Nine planes took off this morning to bomb a “very important” (?) Jap ship south of Shortland Island.
Squadron Formation Setup:
1. Moffett, 2. Davis, 3. Cooper, 4. Bacon, 5. Beswick, 6. Nolan, 10. Glans, 11. Fisler, 12. Glover.
We climbed steadily to 12,000 feet accompanied by our fighter escort of 12 F4Us and four P-38s. Spotted the target ship south of Shortland and accompanied by two Jap destroyers (large type). I spotted them at 20 miles, but the skipper failed to see them till we were close aboard — too close.
We turned right and made a run. No good. We turned 360° left and made another run. Dropped an excellent close pattern but the ships by this time had broken out of their cruising positions and were maneuvering wildly. As we dropped the target ship turned hard toward us and the bombs fell where she would have been had she not turned. The whole attack was very stupid, as we threw away the element of surprise and made three (figuratively) separate runs on the ships. Our run was of the following thoroughly unorthodox pattern:
The destroyers AA was fairly good. Altitude right on and deflection slightly aft of us. Five Zeros were on patrol above — two attacked us at long range with no results. As we headed south east toward Cactus. Six Army B-24s passed as we headed for an attack on Shortland Harbor. They dropped at 15,000 feet amidst heavy AA fire. Three planes were injured, one falling out of control, while the other two slowly dropping back out of formation, which was, at this time, headed for home under full throttle. Swarms of Zeros pounced on the two maimed B-24s and shot them down, one crashing, and the other landing in the water near Choiseul. (This latter plane floated long enough for the crew to get out into a rubber boat. In this they paddled for one week toward Cactus, and finally were forced to land on Santa Ysabel Island due to their food giving out. They were brought by the natives to the coast watcher, who radioed Cactus for a PBY. They finally arrived back at Cactus around 1 March).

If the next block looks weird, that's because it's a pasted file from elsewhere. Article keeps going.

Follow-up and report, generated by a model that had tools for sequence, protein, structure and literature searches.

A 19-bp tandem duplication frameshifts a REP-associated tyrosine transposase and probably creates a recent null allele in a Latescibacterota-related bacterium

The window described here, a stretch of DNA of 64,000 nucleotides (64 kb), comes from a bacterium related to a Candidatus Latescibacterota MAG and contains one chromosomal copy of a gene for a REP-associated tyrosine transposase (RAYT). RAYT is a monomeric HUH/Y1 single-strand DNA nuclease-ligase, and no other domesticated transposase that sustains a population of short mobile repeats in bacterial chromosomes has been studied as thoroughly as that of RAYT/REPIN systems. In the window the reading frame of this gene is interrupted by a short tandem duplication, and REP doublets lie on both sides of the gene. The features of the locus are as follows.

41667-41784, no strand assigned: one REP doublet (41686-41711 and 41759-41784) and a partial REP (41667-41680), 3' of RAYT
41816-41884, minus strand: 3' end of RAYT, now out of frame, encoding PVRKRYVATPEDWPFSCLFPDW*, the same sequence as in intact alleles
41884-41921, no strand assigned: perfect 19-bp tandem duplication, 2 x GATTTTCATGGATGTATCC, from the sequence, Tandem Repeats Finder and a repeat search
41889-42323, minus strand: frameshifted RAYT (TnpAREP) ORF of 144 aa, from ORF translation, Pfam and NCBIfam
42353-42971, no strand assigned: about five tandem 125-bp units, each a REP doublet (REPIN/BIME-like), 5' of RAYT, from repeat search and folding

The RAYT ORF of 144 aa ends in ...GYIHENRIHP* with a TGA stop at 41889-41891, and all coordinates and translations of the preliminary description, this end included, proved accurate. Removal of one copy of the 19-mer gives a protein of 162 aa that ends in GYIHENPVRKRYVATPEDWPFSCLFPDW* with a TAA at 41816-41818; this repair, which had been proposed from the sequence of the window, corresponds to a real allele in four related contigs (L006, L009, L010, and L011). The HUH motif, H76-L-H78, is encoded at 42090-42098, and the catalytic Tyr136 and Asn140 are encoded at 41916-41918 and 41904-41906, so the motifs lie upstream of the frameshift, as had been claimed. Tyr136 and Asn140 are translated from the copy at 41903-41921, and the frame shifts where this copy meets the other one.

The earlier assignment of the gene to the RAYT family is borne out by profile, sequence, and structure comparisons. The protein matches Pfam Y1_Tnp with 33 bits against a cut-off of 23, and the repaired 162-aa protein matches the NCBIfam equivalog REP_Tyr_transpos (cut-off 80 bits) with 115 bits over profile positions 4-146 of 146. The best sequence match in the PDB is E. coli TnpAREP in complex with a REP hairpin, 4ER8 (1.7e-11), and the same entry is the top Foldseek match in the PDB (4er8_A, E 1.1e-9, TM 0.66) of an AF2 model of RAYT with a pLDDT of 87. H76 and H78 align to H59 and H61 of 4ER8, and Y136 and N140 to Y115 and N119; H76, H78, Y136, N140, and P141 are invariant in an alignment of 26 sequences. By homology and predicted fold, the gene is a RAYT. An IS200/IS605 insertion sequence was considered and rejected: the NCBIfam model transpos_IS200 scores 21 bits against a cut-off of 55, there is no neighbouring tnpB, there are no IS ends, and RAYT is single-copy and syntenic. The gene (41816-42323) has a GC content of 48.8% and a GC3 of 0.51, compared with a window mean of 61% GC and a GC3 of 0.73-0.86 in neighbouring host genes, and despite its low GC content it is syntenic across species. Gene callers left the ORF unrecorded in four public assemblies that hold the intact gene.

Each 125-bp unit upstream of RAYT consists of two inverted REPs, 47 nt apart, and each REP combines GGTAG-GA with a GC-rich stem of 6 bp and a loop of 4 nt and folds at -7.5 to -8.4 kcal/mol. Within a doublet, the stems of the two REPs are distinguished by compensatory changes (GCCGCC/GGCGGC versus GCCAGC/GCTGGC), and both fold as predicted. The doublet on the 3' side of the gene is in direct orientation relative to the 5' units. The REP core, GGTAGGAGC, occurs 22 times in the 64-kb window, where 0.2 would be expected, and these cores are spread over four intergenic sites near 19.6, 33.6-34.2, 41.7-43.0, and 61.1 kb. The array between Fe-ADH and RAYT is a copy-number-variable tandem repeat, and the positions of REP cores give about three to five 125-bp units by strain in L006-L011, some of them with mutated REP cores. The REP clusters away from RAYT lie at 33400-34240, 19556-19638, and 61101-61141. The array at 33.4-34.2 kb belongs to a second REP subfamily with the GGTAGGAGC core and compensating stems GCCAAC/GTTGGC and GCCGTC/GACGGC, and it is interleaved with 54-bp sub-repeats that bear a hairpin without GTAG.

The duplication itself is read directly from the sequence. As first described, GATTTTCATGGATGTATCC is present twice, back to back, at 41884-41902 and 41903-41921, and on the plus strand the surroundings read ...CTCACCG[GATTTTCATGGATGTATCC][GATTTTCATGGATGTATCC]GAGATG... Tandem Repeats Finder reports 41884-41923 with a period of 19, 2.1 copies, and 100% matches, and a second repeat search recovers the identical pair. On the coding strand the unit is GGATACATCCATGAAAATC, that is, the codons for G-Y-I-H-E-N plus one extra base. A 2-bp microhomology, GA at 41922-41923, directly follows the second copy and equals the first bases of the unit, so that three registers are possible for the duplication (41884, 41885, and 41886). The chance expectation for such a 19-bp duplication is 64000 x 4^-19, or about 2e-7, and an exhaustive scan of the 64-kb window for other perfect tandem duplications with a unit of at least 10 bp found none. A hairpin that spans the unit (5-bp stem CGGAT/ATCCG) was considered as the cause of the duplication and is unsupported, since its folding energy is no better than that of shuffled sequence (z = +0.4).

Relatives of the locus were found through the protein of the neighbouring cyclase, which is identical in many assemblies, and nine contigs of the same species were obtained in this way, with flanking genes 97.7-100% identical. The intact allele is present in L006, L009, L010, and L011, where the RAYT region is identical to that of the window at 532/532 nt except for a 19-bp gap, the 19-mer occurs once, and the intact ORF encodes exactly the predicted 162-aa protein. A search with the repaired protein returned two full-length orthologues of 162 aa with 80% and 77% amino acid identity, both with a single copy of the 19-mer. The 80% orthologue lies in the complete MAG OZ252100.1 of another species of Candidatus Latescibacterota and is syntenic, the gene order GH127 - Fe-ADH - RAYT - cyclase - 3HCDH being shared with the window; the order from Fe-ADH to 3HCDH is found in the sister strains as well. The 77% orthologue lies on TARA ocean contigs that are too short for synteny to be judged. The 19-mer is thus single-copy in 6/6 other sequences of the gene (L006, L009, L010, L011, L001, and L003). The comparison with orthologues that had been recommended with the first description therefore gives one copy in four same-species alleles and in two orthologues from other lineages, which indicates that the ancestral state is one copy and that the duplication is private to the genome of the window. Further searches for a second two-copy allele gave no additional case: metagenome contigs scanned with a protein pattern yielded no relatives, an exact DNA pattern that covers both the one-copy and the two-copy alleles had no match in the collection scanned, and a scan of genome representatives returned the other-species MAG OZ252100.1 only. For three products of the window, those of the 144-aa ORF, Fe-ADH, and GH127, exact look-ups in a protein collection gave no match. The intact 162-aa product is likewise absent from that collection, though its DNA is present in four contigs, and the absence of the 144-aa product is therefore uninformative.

The remaining three bombers got back okay. The six Army B-24s had only four P-40s and four P-38s for an escort; to fight off 45 Jap Zeros (30 landplanes and 15 float type estimated). Two P-40s were shot down and one P-38. Their (the B-24s’) bombs hit and sank a Jap transport in Shortland Harbor. Pretty stiff price for one lousy ship!